Safe operation of your xTool D1/D1 Pro requires a trained Laser Safety Officer (LSO).xTool has consulted with laser experts to design these xTool D1/D1 Pro LSO Training Materials to help you in complying with your LSO responsibilities and ensure that you operate your xTool D1/D1 Pro safely.
The first document, the xTool D1/D1 Pro LSO training, has three parts:
● The first section, "xTool D1/D1 Pro Safe Operation", describes the procedures to ensure safe operation.
● The second section, "Laser Safety Officer Responsibilities", describes your role as the Laser Safety Officer for your xTool D1/D1 Pro.
● The third section, "About Lasers and Laser Safety", describes general information about lasers and laser safety as well as regulations about lasers.
The second document, "xTool D1/D1 Pro Laser Safety Program", is a laser safety program document that you, as the LSO for your xTool D1/D1 Pro, may adopt.
The third document, "xTool D1/D1 Pro Laser Standard Operating Procedure", is an SOP document that you may adopt that is a part of the xTool D1/D1 Pro Laser Safety Program.
The fourth document, "Warning Sign", is a sign you need to choose to use as a compliance measure described in the SOP.
The xTool D1/D1 Pro LSO Training
xTool D1/D1 Pro Safe Operation
Class 4 Conditions
Your xTool D1/D1 Pro is a Class 4 laser. You are required to wear safety glasses throughout the use. And, every person who uses the xTool D1/D1 Pro must read and abide by the user manual and all instructions in the xTool App.
The provided SOP does not permit safe operation in Class 4 conditions, so the LSO must create an SOP that does. Ultimately, the LSO is responsible for defining what that entails and describing and enforcing it with that SOP, and the laser operator is responsible for ensuring compliance and safe operation. Some key elements of a Class 4 SOP may include:
You can shop for foldable and smoke-proof covers for D1/D1/D1 Pro and other laser engravers on xTool's official website.
Appropriate safety glasses
xTool D1/D1 Provides a pair of safety glasses appropriate for use with your xTool D1/D1 Pro under Class 4 Conditions.
An appropriate laser safety sign placed at the entryway to alert people to the hazards inside. xTool has provided a sample sign (below).
Laser Safety Officer Responsibilities
The LSO and Your Laser Safety Program
ANSI Z136.1 describes guidelines for a safety program that will minimize the hazards of a Class 4 laser like the xTool D1/D1 Pro. Primary safety responsibility rests with someone designated as the Laser Safety Officer, or LSO. This document is designed to assist you in acting as the LSO for one or more xTool D1/D1 Pro units. It does not provide sufficient information to advise you on acting as the LSO for any other laser.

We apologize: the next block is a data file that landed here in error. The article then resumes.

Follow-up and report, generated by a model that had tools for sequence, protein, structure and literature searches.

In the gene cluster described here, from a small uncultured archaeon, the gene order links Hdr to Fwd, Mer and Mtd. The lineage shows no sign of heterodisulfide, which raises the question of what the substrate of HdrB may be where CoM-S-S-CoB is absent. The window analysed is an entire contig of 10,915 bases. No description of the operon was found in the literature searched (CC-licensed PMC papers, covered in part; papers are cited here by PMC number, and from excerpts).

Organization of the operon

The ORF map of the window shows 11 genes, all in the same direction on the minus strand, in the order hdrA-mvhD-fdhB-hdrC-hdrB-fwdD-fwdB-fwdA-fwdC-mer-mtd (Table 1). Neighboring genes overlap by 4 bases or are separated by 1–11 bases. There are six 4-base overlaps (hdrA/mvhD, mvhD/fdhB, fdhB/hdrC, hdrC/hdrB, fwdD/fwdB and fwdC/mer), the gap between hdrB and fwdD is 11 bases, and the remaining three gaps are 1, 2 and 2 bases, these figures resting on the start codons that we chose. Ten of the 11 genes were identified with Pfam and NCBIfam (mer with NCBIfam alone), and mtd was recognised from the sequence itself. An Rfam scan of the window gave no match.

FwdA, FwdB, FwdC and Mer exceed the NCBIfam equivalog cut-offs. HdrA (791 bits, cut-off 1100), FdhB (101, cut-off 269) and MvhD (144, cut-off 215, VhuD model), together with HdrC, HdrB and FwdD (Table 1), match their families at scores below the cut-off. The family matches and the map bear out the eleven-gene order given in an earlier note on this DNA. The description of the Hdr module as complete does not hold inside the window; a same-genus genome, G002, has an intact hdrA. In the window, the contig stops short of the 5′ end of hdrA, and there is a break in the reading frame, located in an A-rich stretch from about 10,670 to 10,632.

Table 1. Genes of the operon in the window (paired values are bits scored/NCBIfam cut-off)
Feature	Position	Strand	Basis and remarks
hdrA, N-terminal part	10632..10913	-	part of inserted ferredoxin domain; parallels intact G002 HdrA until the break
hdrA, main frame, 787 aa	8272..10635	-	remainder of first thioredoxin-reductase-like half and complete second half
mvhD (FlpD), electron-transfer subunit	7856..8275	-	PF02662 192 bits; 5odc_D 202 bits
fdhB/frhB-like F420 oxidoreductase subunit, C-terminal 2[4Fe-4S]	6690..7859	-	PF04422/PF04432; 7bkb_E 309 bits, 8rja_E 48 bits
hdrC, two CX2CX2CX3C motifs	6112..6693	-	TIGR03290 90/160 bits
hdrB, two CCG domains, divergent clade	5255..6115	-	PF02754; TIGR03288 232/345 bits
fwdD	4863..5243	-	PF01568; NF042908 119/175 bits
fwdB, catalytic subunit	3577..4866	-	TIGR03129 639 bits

The LSO verifies the classification of the laser. The LSO determines the level of hazard by considering the details of the laser and creates a standard operating procedure (SOP) that determines what control measures (like training, and safety glasses) should be used.
The LSO is then responsible for helping and training other laser users, ensuring safety compliance, analyzing any possible hazards, providing safety equipment, ensuring all regulations are complied with including (in the US) CDRH, OSHA, and state regulations, and auditing the use of the laser to make sure it’s used safely.
Beyond these responsibilities, the LSO must also recommend and approve signs, labels, protective equipment, facilities, equipment, and any modifications, maintain records, approve laser system operation, and investigate accidents should one occur. The LSO is ultimately the one responsible for determining if and how a laser may be safely operated.
The LSO must analyze the hazards present in the lasers for which they are responsible. The LSO may rely on an expert for the execution of hazard analysis.
Standard Operating Procedure
Based on the Hazard Analysis, the LSO must create a Standard Operating Procedure (SOP) that describes the control measures required to minimize hazards.
About Lasers and Laser Safety
How Lasers are Different
Lasers are a special kind of light source. Most light is made of many different colors, all shining out in lots of directions at once. Laser light is different in three ways.
First, laser light is monochromatic - just one color. Sometimes that color is visible, like the low-power red laser that you can see your xTool use to measure material when it’s focusing. Sometimes it’s invisible, like the high-power infrared laser beam your xTool uses to cut and engrave material.